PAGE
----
Humanitarian situation in Pakistan is dire: Rudd

Australian foreign minister says humanitarian situation in Pakistan is dire.

Updated: Sep 18, 2010, 14:24 PM IST

Washington: After visiting flood-hit areas in Pakistan, Australian Foreign Minister Kevin Rudd on Friday said the humanitarian situation in the country is dire and international community should remain focused on what is happening there.

Rudd, who appeared along with US Secretary of State Hillary Clinton at a joint press conference, was in Pakistan just before coming to Washington for his bilateral talks.

"I was there yesterday (Thursday) in the southern Punjab and also met with Ambassador Richard Holbrooke and also with Pakistan Foreign Minister Qureshi. The humanitarian situation in Pakistan is dire," he said.

"My simple message to the rest of the international community is that this challenge has not gone away. The risk of waterborne diseases for the people of Pakistan is huge, and the possibility of epidemics still remains real. Therefore, the challenge for us all is to remain focused on what`s happening in that country because of our common concern for our fellow members of the human family," Rudd said.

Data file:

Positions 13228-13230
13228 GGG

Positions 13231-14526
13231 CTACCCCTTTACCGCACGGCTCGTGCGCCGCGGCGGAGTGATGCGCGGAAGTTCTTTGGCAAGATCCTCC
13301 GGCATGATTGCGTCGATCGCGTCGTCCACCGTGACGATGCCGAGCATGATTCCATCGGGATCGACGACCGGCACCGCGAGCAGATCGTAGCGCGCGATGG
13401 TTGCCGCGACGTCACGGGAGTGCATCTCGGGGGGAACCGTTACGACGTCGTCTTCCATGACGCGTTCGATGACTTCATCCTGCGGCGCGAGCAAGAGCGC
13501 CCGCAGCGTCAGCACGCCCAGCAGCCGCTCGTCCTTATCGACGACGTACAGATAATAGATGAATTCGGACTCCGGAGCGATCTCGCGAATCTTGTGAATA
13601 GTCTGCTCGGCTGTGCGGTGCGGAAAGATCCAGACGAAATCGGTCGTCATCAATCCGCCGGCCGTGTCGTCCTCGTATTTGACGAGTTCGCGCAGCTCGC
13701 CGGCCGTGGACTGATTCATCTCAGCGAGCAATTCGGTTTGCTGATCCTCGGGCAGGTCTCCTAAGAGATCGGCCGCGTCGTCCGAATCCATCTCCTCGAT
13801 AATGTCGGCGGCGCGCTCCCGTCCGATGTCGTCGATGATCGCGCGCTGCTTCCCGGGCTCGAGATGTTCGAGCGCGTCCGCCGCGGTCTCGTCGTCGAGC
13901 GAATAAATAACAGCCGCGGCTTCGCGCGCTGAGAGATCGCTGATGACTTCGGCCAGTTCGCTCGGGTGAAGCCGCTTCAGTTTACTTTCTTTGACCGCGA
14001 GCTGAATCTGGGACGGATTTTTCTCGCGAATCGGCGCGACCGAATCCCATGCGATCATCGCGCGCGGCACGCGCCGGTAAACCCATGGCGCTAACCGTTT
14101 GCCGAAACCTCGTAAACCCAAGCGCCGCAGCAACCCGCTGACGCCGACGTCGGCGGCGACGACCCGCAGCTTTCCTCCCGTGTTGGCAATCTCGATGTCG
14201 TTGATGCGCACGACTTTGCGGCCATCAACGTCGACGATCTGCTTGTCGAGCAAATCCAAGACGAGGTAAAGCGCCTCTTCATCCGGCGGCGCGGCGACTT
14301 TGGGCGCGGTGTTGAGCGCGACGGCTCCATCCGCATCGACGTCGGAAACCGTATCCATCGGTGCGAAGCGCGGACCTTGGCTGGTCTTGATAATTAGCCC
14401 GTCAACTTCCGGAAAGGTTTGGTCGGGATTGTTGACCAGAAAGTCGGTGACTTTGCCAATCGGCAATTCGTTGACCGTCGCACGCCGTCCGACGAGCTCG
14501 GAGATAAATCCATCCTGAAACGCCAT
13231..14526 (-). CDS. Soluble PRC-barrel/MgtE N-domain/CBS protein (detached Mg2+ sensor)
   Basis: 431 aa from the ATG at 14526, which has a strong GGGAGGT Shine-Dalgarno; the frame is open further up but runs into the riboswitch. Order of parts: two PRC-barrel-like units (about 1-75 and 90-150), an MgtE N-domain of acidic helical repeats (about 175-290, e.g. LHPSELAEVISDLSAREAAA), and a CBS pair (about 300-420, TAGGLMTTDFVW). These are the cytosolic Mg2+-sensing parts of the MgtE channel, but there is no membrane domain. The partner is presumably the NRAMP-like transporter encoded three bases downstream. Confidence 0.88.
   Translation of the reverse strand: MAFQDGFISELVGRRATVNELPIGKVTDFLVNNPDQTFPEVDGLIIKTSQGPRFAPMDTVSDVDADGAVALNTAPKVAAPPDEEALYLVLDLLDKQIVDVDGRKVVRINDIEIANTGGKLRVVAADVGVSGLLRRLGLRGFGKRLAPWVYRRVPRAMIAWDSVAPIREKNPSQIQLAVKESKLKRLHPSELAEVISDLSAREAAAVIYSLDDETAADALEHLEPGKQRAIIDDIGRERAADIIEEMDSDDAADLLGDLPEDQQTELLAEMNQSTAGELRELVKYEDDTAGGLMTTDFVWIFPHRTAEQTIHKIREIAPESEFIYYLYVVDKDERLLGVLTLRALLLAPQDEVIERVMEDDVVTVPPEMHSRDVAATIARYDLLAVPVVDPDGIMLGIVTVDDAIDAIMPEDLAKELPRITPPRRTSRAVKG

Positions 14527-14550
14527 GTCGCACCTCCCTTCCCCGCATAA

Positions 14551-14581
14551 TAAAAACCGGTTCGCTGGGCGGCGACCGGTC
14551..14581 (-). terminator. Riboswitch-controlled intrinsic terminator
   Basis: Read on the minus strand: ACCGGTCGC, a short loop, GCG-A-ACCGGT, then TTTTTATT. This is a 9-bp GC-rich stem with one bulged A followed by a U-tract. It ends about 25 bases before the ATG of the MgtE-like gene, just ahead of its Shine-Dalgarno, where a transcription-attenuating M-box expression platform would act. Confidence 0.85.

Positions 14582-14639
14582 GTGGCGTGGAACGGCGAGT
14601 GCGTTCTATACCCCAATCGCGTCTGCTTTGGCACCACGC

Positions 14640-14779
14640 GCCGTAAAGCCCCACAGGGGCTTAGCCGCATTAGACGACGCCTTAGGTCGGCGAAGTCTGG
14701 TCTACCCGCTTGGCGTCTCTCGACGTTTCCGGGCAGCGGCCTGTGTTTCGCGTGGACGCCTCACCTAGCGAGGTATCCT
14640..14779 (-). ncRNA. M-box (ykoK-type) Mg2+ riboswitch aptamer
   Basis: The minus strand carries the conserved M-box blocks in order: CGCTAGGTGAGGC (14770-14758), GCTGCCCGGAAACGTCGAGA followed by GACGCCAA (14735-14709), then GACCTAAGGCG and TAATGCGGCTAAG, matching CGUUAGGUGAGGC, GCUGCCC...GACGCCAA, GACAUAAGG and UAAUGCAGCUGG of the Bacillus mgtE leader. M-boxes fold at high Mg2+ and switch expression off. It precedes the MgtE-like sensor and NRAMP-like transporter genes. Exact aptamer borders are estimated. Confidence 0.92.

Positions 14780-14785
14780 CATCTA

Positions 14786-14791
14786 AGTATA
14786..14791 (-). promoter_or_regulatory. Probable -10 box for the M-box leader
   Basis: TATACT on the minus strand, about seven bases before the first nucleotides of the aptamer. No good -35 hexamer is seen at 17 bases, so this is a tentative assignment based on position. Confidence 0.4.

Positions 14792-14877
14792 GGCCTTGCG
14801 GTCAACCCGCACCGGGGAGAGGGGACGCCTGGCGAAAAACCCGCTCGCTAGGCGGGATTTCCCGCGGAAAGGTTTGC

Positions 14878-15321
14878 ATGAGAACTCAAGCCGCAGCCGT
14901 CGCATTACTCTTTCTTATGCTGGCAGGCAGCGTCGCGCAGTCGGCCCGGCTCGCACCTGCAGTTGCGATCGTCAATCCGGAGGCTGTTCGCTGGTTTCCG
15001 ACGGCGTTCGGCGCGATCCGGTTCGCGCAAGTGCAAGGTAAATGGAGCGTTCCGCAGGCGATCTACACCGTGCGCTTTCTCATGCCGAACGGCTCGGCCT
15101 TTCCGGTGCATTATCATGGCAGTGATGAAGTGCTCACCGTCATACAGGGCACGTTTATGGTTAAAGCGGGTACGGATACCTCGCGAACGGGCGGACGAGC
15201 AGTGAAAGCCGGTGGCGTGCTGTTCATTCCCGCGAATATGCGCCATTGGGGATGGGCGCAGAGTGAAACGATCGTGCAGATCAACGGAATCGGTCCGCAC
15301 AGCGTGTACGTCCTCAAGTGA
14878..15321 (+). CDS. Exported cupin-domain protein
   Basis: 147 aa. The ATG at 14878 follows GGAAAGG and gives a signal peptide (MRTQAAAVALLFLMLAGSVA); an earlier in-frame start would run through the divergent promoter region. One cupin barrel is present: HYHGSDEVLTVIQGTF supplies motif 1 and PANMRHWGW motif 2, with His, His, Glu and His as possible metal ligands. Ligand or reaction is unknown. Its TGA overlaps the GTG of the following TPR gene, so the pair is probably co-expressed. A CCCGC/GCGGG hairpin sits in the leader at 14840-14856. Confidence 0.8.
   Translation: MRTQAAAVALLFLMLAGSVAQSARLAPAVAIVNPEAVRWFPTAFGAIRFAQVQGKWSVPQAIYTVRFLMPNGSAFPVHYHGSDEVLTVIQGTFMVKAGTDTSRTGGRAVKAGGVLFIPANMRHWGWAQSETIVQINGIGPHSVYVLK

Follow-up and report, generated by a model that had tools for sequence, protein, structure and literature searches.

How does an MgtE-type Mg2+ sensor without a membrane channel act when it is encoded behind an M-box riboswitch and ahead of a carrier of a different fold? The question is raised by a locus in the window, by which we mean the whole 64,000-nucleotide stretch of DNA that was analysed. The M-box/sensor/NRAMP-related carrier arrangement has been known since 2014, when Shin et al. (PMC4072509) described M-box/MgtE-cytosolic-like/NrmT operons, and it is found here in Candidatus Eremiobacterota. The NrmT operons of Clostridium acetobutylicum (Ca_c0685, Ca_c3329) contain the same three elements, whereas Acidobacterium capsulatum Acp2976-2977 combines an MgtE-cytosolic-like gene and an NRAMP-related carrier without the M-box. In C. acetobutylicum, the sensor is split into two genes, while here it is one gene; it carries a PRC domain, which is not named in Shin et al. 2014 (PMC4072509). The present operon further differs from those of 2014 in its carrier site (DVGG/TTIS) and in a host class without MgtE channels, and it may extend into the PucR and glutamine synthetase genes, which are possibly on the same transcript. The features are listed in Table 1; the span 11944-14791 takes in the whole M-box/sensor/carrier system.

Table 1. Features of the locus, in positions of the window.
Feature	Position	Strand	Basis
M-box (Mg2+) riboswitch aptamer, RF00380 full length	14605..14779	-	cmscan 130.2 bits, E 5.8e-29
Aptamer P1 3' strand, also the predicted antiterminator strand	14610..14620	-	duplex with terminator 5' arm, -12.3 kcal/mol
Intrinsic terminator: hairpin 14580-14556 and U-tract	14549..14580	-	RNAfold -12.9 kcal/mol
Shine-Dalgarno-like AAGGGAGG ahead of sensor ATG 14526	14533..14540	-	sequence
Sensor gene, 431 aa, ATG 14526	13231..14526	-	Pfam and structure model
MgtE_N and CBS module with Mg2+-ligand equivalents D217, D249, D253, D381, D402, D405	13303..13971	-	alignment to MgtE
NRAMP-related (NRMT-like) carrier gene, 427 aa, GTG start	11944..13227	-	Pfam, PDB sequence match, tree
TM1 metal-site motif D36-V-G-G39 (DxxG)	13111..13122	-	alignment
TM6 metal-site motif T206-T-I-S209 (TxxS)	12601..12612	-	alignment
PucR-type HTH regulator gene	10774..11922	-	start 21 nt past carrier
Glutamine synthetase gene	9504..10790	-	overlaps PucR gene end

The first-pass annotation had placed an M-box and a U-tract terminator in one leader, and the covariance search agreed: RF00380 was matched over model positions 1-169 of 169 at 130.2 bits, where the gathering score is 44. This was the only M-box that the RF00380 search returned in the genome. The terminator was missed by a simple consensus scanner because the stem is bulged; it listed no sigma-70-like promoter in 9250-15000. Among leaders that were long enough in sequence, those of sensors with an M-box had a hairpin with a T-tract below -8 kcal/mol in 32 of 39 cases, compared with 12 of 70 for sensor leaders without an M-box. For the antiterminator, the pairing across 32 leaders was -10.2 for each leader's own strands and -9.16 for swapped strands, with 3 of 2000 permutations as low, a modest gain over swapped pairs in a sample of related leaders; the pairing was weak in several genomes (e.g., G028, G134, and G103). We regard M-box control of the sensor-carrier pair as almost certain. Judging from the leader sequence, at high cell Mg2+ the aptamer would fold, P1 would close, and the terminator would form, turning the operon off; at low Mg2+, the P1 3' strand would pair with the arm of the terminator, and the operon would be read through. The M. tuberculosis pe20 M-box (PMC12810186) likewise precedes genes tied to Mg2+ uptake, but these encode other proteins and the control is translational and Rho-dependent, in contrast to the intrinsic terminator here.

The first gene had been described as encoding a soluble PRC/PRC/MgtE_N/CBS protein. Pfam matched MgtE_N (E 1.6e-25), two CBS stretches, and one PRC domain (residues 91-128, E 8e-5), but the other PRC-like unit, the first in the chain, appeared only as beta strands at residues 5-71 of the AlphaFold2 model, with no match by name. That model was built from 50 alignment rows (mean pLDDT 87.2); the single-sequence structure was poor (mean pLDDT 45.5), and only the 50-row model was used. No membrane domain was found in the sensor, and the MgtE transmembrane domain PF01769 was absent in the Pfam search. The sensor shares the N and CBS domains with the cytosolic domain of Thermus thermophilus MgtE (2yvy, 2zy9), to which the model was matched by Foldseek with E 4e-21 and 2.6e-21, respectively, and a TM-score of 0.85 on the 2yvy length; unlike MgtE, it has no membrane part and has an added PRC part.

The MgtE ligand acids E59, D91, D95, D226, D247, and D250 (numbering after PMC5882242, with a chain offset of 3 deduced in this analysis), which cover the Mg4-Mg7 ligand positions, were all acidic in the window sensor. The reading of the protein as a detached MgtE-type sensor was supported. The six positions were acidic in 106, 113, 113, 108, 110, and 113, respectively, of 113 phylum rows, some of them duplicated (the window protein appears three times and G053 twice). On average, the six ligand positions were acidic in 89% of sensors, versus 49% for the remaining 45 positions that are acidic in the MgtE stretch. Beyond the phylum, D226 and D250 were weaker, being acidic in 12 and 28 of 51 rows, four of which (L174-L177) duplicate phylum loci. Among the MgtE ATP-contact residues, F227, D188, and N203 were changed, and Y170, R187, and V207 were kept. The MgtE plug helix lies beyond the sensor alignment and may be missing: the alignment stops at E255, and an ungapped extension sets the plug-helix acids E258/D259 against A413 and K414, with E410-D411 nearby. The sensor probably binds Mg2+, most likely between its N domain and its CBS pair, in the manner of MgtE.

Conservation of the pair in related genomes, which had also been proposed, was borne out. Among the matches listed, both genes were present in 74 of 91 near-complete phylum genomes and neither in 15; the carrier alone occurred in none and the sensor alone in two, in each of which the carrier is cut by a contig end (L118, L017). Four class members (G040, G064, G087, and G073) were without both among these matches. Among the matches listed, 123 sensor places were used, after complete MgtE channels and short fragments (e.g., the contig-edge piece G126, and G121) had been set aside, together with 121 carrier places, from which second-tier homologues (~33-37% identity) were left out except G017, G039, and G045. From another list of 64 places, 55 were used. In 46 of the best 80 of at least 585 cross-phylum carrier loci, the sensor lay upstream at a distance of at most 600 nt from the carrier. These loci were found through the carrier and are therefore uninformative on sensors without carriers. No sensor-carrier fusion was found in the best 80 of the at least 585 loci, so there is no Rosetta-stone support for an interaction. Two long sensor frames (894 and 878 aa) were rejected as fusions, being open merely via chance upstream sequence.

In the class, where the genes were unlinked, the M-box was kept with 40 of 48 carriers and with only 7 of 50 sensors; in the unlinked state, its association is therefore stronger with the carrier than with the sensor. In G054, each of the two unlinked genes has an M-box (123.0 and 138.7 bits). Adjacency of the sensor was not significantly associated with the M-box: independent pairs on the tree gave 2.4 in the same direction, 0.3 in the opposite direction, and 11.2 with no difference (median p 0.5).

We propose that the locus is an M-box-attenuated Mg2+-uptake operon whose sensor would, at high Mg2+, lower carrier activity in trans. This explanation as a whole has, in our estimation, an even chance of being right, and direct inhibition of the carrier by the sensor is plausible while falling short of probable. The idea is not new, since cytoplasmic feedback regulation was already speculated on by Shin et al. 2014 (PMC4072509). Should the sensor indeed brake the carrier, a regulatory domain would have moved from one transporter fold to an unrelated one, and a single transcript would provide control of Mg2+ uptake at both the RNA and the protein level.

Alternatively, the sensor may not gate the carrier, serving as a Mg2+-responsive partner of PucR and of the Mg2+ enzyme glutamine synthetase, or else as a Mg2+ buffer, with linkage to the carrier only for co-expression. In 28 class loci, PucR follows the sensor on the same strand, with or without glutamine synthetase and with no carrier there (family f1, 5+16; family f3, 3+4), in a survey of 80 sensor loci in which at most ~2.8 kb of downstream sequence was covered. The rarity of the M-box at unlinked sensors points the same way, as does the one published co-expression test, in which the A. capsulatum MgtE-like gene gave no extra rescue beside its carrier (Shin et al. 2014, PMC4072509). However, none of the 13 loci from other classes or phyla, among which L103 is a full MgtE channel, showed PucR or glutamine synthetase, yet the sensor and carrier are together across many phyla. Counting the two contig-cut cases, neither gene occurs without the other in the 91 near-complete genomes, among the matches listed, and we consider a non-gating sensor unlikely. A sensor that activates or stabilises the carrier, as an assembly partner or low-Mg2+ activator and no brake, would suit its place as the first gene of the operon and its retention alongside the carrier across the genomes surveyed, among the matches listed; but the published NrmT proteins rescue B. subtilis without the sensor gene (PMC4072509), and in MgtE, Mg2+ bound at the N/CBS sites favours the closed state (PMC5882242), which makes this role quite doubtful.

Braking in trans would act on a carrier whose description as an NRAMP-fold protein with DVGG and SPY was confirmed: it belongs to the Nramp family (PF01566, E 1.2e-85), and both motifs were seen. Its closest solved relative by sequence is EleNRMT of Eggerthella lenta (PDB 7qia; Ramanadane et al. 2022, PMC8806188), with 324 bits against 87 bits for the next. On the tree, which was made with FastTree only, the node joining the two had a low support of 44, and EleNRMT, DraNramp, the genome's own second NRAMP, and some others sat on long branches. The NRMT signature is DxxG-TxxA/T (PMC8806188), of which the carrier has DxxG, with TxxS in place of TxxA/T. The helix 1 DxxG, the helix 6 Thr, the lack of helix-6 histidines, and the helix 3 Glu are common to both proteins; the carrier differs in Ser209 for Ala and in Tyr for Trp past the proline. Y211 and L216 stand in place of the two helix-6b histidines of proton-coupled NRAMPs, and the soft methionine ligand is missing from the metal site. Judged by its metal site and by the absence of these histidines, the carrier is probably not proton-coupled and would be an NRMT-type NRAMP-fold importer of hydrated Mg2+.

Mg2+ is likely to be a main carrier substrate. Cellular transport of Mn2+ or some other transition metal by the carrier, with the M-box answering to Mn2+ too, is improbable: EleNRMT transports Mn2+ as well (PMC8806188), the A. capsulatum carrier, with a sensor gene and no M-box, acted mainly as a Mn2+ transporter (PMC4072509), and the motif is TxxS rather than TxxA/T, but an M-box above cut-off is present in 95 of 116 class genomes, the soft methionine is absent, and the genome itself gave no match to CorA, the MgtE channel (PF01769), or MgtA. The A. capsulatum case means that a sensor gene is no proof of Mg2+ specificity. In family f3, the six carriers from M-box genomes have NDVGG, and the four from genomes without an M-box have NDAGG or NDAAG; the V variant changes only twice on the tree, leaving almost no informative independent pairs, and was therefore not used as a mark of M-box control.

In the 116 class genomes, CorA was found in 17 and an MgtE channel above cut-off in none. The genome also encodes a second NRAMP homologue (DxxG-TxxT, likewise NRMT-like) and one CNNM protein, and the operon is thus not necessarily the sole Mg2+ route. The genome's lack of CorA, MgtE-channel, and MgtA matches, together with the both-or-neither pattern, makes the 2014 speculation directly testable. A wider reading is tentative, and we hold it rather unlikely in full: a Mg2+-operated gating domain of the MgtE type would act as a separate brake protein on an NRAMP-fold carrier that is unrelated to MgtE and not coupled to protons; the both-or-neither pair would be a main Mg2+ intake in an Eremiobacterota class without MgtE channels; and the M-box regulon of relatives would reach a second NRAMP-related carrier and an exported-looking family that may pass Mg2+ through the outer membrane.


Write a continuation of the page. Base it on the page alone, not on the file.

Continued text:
"Also, strategically, the United States and Australia have deep and abiding interests in Pakistan, and it is therefore doubly important that we provide our ongoing support for the people and government of that country," Rudd said.

Hillary said the two had a long discussion about the dire humanitarian crisis unfolding in Pakistan.

"The minister arrived here from Pakistan, where he surveyed the damage from the devastating floods. And he and I will both be attending a meeting about Pakistan at the beginning of the United Nations General Assembly week on Sunday night," Hillary said.

"What Australia has done in terms of its commitment to Pakistan is exemplary, and now we have to make sure that the money gets to the people and alleviates the suffering that they are experiencing and helps with the reconstruction," she said.

"There are so many matters that are of mutual interest, from developing new technologies for clean energy to addressing climate change, halting nuclear proliferation, countering the threat of terrorism, and so much else," Hillary said.

The two leaders also discussed the current situation in Afghanistan.

"Australia remains strong and robust in support for the United States in its mission and those of the other countries participating in ISAF in Afghanistan. This is not an easy conflict. It is a hard conflict. But we are resolved to stay the course with our friends and allies in the United
States, and we will maintain a very close dialogue with the Administration on the future shape of our engagement there," Rudd said.